Professor, Designer, Husband, Father, Gamer, Bagpiper

Amid the rumors of Apple working on an AR gadget, I've been thinking about what I'd like to see. Now, it seems clear that a full-blown, standalone immersive 3D AR display isn't going to happen anytime soon, but given their assets and what's been happening in the AR/VR tech world, here's one possibility I find interesting.

First, consider what's going on elsewhere. Google's Tango and Microsoft's Hololens do full-blown SLAM (Simultaneous Localization and Tracking), able to build real-time meshes of the world and use them for tracking. Facebook (and Microsoft) have shown some interesting implementations of mono-SLAM (SLAM with a single camera) in recent announcements (at F8 and the recent Windows 10 S events). And, Google's Daydream and Samsung's GearVR show the benefit of embedding addition sensors in a "box you put your phone in to get a VR display", creating much more responsive and powerful experiences than generic "cardboard" display holders.

Apple bought Primesense years ago (an early depth camera company, a core technology in Tango and Hololens), and more recently bought Metaio (who had the beginnings of a mono-SLAM implementation at the time). More importantly, they control their ecosystem, so they can make assumptions about the devices they need to support and embed software in the OS as they wish.

I'll call what I want to see the iDream (in a nod to Google). A Daydream/GearVR style holder for an iPhone, that has stereo cameras and SLAM-capable hardware. On-board hardware would do Tango/Hololens style SLAM, perhaps along with hand tracking, and the resulting mesh / tracking data plus stereo video could be sent to into the iPhone. Movement prediction could be handled properly because the system is closed, reducing or eliminating swim. The iPhone would only need to take care of rendering and running the applications: after all, the CPU/GPU in an iPhone blow the Hololens CPU/GPU out of the water. (They iPhone7 blows away the current Tango phone, the Lenovo Phab2 Pro, and this setup would impose even less load on the phone.)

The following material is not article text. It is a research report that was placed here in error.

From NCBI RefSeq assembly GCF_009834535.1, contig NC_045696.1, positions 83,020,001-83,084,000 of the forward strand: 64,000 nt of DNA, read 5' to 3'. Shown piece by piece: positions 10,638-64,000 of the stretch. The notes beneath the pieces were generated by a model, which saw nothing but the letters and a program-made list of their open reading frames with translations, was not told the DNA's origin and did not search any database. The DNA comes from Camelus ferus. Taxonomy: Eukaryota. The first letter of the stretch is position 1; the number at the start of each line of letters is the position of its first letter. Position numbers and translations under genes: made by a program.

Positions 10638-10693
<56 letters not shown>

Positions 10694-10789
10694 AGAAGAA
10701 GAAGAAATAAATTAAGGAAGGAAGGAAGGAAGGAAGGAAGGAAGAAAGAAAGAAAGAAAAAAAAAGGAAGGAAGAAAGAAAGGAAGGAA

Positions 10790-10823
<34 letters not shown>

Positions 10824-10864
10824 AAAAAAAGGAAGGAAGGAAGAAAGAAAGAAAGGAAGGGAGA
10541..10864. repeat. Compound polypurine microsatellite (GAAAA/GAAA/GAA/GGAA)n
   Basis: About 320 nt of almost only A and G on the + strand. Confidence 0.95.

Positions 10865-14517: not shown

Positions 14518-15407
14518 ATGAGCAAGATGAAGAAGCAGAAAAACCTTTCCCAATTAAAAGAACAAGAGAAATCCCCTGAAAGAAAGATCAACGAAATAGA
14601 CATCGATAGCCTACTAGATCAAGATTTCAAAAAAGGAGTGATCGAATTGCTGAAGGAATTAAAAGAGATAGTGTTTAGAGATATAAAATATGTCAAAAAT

In our Argon4 and argon.js system, we've already shown the value of separating the view of reality (in this case, the textured depth map) from the application, eliminating the need to impose rendering load on the application. Argon4 is limited by what we can do with Apple's wkWebView; Apple will be able to efficiently combine the background view with application-generated content, more in line with what WebVR does to combine native sensors and rendering.

This setup would enable full 3D immersive AR now, without burdening the phone with additional battery-sucking and weight-imposing sensors that non-AR user's wouldn't care about. Integrating stereo cameras with a depth mesh in a controlled, carefully calibrated package could allow the video to be projected into the mesh, solving some of the usual problems with video-mixed HMDs (caused by the camera center of projection not aligning with the viewers eye's: by reprojecting the video onto the mesh, and rendering from the viewers eye positions, a more compelling view could be generated, with less artifacts.) Interestingly, Microsoft could take a similar approach with their upcoming MR Displays, although I've seen no indication they're thinking about this.

Anyway, that's my half-baked musing on whatever upcoming announcements we can expect. And with Google IO happening even sooner than Apple's Dev Conference, perhaps Google will beat them to the punch. TangoDream, anyone?

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